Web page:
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 Re: Al Zimmermann's: Statue of Liberty
Сообщение14.04.2020, 19:41 


07/06/16
38
Омск
Наконец-то дошли руки посмотреть что же там в меньших степенях. А там оказывается много интересного. В том числе можно спрогнозировать где искать точные решения.

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 Re: Al Zimmermann's: Statue of Liberty
Сообщение16.04.2020, 02:23 


20/01/13
62
I'll share some benchmarks.

My pure C program takes 22 seconds to exhaustively compute 83^16.
I rewrote the code in pure ASM (it took me 3 days), and it does the computation in 19 seconds.

royvanrijn в сообщении #1452459 писал(а):
Цитата:
porcoroso в сообщении #1452063 писал(а):
search for 83^16 is 30 secs and 86^16 is more than two minutes. So its not good enough for reaching the top four, they have something else ....

Thank you for information.
I suppose 25x speedup is enough argument to write a program in C.



Hey, my code now does 83^16 in 180 secs, still not the same... but not an automatic 25x speedup ;-)


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 Re: Al Zimmermann's: Statue of Liberty
Сообщение16.04.2020, 06:22 


07/06/16
38
Омск
Windows 10 - это большой вирус. Перезагрузила мне ночью компьютер со всеми работающими процессами. Почему я не остался на Windows 7?

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 Re: Al Zimmermann's: Statue of Liberty
Сообщение16.04.2020, 06:56 


21/05/16
3997
Аделаида
Archimedes
Именно для таких случаев стоит создавать файл, в котором хранится последнее перебранное решение.

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 Re: Al Zimmermann's: Statue of Liberty
Сообщение16.04.2020, 21:59 
Аватара пользователя


25/08/12
160
Germany
jcmeyrignac в сообщении #1455011 писал(а):
My pure C program takes 22 seconds to exhaustively compute 83^16.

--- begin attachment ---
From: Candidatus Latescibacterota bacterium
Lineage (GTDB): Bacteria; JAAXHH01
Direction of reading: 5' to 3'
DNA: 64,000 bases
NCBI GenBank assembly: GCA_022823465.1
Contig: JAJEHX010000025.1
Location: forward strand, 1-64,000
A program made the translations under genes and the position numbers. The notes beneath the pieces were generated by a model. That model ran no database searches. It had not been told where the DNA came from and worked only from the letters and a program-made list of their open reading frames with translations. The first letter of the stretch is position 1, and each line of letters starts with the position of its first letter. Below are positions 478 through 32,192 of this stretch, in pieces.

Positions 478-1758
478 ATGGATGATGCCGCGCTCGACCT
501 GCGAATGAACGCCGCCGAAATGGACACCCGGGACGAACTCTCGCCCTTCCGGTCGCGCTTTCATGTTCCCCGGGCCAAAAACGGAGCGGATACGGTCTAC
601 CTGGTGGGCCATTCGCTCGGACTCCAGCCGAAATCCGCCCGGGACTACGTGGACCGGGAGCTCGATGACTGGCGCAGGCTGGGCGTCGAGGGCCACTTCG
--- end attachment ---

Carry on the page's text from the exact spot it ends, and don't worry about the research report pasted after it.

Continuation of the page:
22 s to search for an error 0 solution (which does not exist) or to find the solution with the smallest error? The first search can be done faster.

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 Re: Al Zimmermann's: Statue of Liberty
Сообщение17.04.2020, 09:32 


20/01/13
62
22 seconds for the smallest error on 83^16.

Herbert Kociemba в сообщении #1455281 писал(а):
jcmeyrignac в сообщении #1455011 писал(а):
My pure C program takes 22 seconds to exhaustively compute 83^16.
22 s to search for an error 0 solution (which does not exist) or to find the solution with the smallest error? The first search can be done faster.

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 Re: Al Zimmermann's: Statue of Liberty
Сообщение17.04.2020, 22:06 
Аватара пользователя


25/08/12
160
Germany
jcmeyrignac в сообщении #1455368 писал(а):
22 seconds for the smallest error on 83^16.

My program takes several minutes for this task. Nevertheless I do not believe that this is the way to find an error 0 solution. Searching directly for an error 0 solution increases the search speed incredibly. To completely scan s^16 for s=83 takes << 1 ms with my program (generation of a table which is independent of the basis s not included).

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 Re: Al Zimmermann's: Statue of Liberty
Сообщение18.04.2020, 00:06 


06/04/20
4
Herbert Kociemba в сообщении #1455594 писал(а):
jcmeyrignac в сообщении #1455368 писал(а):
22 seconds for the smallest error on 83^16.

My program takes several minutes for this task. Nevertheless I do not believe that this is the way to find an error 0 solution. Searching directly for an error 0 solution increases the search speed incredibly. To completely scan s^16 for s=83 takes << 1 ms with my program (generation of a table which is independent of the basis s not included).